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This topic is adapted from the DESERT SPRINGS CHURCH YouTube channel.

The question is: how was it decided which ancient writings made it into the Bible? We call the standardized list of biblical books the “canon,” which means “rule” or “standard.” The process of determining these is called “canonization.” Why are some books considered to be inspired by God, and thus authoritative, while others are not?

[Related: How Did We Get the New Testament?]

The Early Development of the Bible

The history of canonization is long and complicated. It was finally resolved in the mid-16th century during the struggles between Catholicism and Protestantism. Does this mean we didn’t really have a Bible before the 1500s? No. By the middle of the second century, the writings of the early church leaders show that the vast majority of the New Testament canon was clearly in place. The four gospels and most of the writings of the apostle Paul were accepted as authoritative by the church at large very early in the process. The remaining debate surrounded the smaller epistles, which typically make a smaller contribution to overall gospel theology.

The Standard of Canonicity

One of the criteria of canonicity was apostleship. Books written by the apostles were quickly recognized as authoritative, because the apostles were the officially delegated representatives of Jesus Christ. But what about Luke? Luke was not an apostle. Nor was Mark. Those who weren’t apostles were eventually recognized as authoritative because they were part of the apostolic circle. Luke was a traveling companion of Paul. Mark was a protege of Peter. Thus their writings were seen as canonical.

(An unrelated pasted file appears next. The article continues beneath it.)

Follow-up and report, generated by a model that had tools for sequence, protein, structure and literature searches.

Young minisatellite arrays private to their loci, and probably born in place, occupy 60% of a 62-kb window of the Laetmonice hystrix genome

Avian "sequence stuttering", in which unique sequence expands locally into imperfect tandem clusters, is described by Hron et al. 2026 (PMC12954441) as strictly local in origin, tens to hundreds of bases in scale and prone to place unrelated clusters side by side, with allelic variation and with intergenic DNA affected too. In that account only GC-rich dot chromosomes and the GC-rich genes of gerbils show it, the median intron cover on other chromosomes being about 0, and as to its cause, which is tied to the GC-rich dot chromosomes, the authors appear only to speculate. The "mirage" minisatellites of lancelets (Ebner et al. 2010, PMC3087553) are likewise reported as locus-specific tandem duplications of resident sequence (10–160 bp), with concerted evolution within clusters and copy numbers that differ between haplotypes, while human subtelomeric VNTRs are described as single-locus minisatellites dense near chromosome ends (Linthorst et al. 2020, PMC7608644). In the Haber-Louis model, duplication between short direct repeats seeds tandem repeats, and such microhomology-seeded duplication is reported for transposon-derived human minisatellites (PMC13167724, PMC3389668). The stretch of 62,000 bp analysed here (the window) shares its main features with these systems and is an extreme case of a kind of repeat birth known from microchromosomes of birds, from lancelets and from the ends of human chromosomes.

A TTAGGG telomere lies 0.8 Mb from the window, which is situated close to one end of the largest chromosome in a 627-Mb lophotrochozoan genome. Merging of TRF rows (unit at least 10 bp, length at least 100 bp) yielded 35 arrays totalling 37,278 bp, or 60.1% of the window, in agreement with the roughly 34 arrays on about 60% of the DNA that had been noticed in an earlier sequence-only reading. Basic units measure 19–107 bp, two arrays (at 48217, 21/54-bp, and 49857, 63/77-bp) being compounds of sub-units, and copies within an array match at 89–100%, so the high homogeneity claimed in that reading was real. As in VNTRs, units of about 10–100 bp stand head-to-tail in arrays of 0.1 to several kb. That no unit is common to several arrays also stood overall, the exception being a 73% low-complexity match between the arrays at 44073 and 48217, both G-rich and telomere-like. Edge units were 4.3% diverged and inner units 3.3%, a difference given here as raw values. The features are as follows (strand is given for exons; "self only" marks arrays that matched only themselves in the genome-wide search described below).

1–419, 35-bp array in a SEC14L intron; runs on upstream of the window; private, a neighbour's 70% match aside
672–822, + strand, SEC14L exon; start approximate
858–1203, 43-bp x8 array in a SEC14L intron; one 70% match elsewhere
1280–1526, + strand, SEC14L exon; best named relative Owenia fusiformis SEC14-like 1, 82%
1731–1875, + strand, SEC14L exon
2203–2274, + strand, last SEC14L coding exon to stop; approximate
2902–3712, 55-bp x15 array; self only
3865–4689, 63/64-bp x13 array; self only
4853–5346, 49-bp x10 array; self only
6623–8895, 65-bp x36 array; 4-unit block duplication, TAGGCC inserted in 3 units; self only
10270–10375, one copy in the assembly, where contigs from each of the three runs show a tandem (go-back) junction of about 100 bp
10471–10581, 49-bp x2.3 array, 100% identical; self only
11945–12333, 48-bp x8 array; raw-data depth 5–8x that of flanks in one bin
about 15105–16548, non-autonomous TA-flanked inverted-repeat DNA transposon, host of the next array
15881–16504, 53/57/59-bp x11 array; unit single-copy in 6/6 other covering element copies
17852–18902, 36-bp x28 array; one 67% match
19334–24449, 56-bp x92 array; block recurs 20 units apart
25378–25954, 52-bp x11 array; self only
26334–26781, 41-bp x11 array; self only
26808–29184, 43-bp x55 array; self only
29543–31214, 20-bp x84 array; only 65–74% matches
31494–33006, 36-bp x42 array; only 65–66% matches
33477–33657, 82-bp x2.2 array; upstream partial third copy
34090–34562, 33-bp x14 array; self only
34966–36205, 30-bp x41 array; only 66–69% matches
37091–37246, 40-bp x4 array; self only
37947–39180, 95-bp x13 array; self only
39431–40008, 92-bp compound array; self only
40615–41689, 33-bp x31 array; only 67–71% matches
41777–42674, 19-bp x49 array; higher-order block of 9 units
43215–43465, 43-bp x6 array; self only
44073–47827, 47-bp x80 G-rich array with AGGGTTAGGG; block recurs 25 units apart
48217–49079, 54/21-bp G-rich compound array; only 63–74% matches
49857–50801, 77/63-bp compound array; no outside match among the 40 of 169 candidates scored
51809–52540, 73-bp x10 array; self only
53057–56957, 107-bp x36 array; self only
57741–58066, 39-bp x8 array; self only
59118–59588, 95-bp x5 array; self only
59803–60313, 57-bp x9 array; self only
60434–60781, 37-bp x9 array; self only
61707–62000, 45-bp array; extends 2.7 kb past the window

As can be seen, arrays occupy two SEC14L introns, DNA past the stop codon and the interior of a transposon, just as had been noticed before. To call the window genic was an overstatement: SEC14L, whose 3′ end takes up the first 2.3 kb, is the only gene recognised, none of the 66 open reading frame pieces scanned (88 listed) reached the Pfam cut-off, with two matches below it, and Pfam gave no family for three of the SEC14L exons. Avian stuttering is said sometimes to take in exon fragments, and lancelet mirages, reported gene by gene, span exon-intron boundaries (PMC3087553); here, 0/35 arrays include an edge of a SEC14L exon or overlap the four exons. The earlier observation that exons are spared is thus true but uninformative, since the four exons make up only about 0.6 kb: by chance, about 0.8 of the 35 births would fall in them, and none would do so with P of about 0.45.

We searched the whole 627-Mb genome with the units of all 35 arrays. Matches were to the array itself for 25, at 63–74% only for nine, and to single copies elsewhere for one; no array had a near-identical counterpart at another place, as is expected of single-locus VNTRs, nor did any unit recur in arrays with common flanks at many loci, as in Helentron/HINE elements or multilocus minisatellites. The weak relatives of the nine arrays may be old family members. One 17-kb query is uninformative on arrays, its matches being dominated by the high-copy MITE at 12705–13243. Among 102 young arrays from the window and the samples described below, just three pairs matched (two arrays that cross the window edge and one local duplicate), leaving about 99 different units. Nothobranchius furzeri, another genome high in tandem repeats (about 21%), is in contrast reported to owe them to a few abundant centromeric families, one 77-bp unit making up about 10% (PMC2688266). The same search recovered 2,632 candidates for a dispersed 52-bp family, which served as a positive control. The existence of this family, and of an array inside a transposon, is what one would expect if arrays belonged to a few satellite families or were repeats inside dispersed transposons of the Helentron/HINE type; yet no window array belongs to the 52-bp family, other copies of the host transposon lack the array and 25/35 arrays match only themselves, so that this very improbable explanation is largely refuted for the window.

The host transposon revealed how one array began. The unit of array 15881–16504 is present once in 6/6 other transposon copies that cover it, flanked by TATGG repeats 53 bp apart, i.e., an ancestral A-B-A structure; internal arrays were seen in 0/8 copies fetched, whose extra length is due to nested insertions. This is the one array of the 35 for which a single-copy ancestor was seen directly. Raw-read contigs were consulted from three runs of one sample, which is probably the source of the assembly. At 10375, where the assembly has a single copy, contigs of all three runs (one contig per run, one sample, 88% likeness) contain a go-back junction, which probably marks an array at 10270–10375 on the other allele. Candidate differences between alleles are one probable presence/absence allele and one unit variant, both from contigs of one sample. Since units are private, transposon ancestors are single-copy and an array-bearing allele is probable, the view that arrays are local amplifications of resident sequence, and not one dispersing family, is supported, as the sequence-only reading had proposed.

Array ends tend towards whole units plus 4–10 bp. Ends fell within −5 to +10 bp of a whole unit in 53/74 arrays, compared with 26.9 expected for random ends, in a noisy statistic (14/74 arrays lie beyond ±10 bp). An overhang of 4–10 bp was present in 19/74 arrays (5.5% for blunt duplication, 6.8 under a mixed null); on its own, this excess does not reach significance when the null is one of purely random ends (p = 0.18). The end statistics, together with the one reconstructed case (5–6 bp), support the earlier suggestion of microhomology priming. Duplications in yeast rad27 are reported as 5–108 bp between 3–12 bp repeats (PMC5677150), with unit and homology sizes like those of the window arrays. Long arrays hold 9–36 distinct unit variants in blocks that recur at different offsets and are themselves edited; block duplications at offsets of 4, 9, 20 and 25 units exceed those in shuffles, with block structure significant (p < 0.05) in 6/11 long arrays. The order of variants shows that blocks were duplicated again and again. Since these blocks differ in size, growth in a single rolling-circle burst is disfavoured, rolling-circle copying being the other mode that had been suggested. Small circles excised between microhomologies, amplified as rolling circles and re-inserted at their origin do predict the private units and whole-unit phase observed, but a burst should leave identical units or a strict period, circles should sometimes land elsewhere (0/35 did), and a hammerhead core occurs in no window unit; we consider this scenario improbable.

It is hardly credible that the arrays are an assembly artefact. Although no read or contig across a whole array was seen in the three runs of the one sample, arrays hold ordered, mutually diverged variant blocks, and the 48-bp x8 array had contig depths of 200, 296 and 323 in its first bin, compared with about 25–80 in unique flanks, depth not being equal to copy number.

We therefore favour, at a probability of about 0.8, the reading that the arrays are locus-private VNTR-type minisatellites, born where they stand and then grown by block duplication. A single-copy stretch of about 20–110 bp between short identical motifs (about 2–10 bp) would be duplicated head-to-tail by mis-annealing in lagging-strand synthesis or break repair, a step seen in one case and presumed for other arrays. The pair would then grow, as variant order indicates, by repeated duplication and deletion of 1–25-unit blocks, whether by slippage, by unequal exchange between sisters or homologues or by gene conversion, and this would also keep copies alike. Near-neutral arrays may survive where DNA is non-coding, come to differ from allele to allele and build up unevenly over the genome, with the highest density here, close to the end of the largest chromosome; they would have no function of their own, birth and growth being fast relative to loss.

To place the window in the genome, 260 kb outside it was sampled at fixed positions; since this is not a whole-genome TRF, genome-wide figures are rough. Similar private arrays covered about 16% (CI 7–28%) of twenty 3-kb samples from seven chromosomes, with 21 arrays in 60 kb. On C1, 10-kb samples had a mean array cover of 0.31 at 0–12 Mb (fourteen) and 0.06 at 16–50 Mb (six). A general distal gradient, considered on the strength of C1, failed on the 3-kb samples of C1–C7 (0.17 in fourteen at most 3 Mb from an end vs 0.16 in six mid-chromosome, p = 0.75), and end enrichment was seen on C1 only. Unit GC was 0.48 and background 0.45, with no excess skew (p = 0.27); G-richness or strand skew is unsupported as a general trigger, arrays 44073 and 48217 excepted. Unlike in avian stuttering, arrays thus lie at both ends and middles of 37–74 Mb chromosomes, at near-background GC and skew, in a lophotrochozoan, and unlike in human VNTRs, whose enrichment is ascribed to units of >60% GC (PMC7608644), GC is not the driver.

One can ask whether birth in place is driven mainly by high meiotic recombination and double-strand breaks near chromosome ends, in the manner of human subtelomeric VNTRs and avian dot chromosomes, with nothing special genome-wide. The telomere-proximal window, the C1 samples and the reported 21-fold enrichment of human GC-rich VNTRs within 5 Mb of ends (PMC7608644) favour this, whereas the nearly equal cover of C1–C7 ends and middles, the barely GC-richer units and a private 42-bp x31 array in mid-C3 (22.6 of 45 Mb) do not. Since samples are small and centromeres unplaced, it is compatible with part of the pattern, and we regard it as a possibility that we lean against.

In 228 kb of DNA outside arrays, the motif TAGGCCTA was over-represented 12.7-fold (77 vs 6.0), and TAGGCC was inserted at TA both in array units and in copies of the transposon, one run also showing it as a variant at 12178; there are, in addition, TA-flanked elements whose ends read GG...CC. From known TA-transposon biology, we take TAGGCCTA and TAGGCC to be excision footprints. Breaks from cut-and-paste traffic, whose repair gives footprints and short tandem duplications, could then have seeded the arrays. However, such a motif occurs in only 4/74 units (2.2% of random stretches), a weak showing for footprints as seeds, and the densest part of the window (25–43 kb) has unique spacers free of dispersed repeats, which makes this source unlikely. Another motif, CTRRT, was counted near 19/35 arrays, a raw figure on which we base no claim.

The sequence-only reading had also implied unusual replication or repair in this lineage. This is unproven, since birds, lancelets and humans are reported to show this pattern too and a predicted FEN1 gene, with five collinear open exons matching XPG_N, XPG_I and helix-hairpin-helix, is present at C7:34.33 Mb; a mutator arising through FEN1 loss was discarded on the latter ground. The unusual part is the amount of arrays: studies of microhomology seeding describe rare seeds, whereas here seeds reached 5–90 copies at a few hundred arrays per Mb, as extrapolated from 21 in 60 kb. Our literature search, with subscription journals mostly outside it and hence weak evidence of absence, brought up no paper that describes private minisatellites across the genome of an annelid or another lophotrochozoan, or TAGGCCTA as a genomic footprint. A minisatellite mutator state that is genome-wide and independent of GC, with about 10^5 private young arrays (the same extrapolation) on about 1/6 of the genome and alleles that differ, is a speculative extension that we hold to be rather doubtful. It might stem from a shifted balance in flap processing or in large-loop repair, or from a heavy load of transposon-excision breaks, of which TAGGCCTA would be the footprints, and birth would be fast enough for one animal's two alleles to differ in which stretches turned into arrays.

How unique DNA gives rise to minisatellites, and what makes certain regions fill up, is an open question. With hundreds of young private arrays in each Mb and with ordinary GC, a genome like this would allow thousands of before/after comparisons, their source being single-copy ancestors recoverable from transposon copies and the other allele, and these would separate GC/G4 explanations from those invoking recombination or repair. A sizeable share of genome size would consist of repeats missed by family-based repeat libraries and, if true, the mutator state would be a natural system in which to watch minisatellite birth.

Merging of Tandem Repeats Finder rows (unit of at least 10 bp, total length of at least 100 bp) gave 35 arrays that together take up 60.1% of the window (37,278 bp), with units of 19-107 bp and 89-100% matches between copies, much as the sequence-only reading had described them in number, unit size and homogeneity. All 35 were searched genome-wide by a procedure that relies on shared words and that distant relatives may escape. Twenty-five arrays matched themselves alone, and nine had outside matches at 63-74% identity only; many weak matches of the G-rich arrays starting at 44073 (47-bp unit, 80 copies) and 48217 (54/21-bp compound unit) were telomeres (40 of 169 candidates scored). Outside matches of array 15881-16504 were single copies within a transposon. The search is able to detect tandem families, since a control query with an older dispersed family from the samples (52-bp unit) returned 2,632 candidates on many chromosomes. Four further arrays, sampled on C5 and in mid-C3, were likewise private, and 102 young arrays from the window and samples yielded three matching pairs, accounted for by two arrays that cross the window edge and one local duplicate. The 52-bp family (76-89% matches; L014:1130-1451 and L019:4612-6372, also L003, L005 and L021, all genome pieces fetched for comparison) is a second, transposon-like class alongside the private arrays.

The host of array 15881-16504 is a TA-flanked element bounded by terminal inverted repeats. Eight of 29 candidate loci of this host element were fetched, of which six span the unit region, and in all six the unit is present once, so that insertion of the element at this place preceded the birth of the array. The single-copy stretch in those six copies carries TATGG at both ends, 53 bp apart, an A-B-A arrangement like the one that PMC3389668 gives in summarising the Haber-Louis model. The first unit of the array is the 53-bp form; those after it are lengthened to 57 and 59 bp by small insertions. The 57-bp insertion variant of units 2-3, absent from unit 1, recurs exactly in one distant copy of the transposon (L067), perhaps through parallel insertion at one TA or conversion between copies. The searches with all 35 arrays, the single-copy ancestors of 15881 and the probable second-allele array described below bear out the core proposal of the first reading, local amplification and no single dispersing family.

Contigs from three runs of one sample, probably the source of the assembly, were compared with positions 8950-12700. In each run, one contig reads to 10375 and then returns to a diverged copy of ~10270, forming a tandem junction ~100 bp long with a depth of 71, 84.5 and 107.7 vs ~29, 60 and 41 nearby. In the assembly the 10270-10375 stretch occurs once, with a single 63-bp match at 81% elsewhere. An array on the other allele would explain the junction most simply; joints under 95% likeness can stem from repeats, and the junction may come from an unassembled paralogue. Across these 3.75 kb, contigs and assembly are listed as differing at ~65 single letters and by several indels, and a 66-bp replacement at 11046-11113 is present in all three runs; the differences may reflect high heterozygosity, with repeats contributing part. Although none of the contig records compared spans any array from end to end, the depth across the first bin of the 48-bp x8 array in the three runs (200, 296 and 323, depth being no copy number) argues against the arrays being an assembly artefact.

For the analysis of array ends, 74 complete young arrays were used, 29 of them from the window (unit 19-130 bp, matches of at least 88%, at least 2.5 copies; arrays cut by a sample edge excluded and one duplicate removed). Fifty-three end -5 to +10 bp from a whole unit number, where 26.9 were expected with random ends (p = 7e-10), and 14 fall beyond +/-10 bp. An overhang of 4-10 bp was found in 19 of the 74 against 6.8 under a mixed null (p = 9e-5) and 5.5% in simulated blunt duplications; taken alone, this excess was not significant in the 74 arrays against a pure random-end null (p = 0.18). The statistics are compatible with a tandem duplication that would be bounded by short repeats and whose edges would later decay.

Many people claim that important writings were left out of the Bible, because they were either lost or they didn’t represent the views of the institutional church. But these so-called “lost” gospels were not included because they failed to meet the tests that the canonical writings did – mainly the test of apostolic authorship.

[Related: Where Did We Get the Bible?]

Church and Canon

In the fourth century, the role of the official church became important. A list of canonical books was approved at a general council of the church. But did the church determine the canon? Why do people believe some books are inspired by God and some are not? Is it because the church said so at a council? Or are these writings canonical because they are, in fact, inspired by God? The church did not make these books authoritative. The church simply recognized and affirmed what was already true about them.

Why would a person today receive the Bible as canonical? At first, as a newer believer, it will probably be because the church says so. The church bears witness to the Bible’s authority, so we accept it. But over time, as a believer interacts with the Bible itself, the beauty, power and coherence of Scripture impresses itself on the reader, who comes to recognize the authority and inspiration of these writings for him or herself. Ultimately the Bible authenticates itself. It is the word of God whether anyone recognizes it or not.

[Related: Bible Basics]

Discussion Questions:

  1. Watch the video together or invite someone to summarize the topic.
  2. What is your initial reaction to this video? Do you disagree with any of it? What jumped out at you?
  3. Should every ancient religious text be given the same level of spiritual authority? Why or why not?
  4. Do you agree with the standard of apostleship, and why?
  5. Why do you think it took longer for certain books to be acknowledged as canonical?
  6. What other standards for recognizing divinely inspired writings make sense to you? Explain.
  7. Who decided what books should be included in the Bible? How did it happen?
  8. What does it mean that “the Bible authenticates itself”?
  9. Write a personal action step based on this conversation.

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